Western Canadian grain farmers, especially those in southern growing areas, will be looking for timely help from Mother Nature this year as they gear up for what could be an unusually dry spring seeding season.
Agroclimate maps published by Agriculture Canada continue to show large areas of the prairie grain-growing region facing either dry or very dry conditions.
Jake Ayre, a producer from Minto, Man., about 25 minutes south of Brandon, said growers in his area and across southern Manitoba received less snowfall than usual this year.
In terms of overall soil moisture deficits, Ag Canada agroclimate maps point to southern Manitoba as an area of particular concern.
But producers aren’t panicking yet, he said.
A more immediate concern is the fate of forages and fall-seeded crops such as rye and winter wheat, he said.
“I would say it’s night and day difference between last spring and the upcoming spring… but we’re not at the panic point yet.”
Ayre said his father often reminds him that the family farm is “three weeks away from a drought and three days away from a flood.”
“We always seem to get somewhat of a crop off in drier conditions. It’s the wetter conditions that seem to affect us more.”
Current conditions point to a drier-than-usual start, but certainly not a disastrous one.
“As farmers, we’re constantly facing that battle of too much or too little. It’s part of the game,” he said.
Agriculture Canada agroclimate specialist Trevor Hadwen said with seeding operations expected to start soon, timely rains will be needed in some areas to ensure even germination and good crop establishment.
“We are starting this year… with a fairly large water deficit for soil moisture over a fairly large region,” said Hadwen.
“The prairie region as a whole went into the fall a little bit drier than normal and typically, after a fall season like that, we would want to see above normal snowpack and increased water infiltration during the spring melt to recover a little bit from that.
“The problem is, we didn’t see that this year. In fact, most regions of the Prairies didn’t see much snow at all this winter and for some regions it was extremely low.”
MarketsFarm weather analyst Bruce Burnett said as of March 26, winter precipitation in areas east of Regina will be among the lowest ever recorded.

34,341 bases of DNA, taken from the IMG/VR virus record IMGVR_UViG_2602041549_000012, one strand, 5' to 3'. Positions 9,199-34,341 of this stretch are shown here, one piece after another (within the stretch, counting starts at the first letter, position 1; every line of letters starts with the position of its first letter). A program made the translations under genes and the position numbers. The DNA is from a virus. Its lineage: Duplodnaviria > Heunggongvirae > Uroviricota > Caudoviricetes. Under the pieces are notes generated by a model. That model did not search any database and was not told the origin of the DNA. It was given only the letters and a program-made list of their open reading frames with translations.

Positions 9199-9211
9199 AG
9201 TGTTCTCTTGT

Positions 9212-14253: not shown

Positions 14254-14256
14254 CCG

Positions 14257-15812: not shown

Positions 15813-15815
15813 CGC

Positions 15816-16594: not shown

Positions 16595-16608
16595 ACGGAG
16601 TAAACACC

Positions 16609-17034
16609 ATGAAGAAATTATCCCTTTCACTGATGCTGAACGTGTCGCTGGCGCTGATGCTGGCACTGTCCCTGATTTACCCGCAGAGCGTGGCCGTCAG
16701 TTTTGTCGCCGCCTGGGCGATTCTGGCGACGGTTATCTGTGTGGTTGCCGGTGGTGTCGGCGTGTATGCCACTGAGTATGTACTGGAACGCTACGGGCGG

Burnett and Hadwen agree soil moisture conditions can change quickly, but the way things stand now, the prairie growing region will enter 2021 with low soil moisture reserves.
That means many areas should have adequate moisture to support even germination, but a large number of farms will require frequent rainfall throughout the growing season to sustain crops.
“We’ve had this sort of a similar type of situation over the last number of years in parts of the Prairies… but I think the difference this year is that the area without any subsoil moisture is a lot larger,” said Burnett.
In many areas, dry conditions have been exacerbated by an early spring melt that favours more surface moisture evaporation, as opposed to infiltration, Hadwen said.
While Hadwen and Burnett say there is still time for conditions to change, Burnett said there is nothing in the forecast to suggest moisture relief is on the horizon.
Temperatures in the Pacific Ocean have warmed significantly over the past two months, suggesting that weather in Western Canada will be shifting to a neutral pattern in the coming months.
Soil moisture reserves in more northerly growing areas, including northwestern Saskatchewan and northeastern Alberta north of Highway 16 will be more favourable this spring, following multiple years of excess moisture and flooding.
If the current situation persists, many farmers in southern regions may revisit their cropping decisions and adjust fertility plans. In some areas, plantings of small-seeded crops such as canola and flax could be reduced.
“We are probably two to three weeks away from some farmers having to make some decisions at the last minute about their cropping plans if the current situation continues,” Burnett said.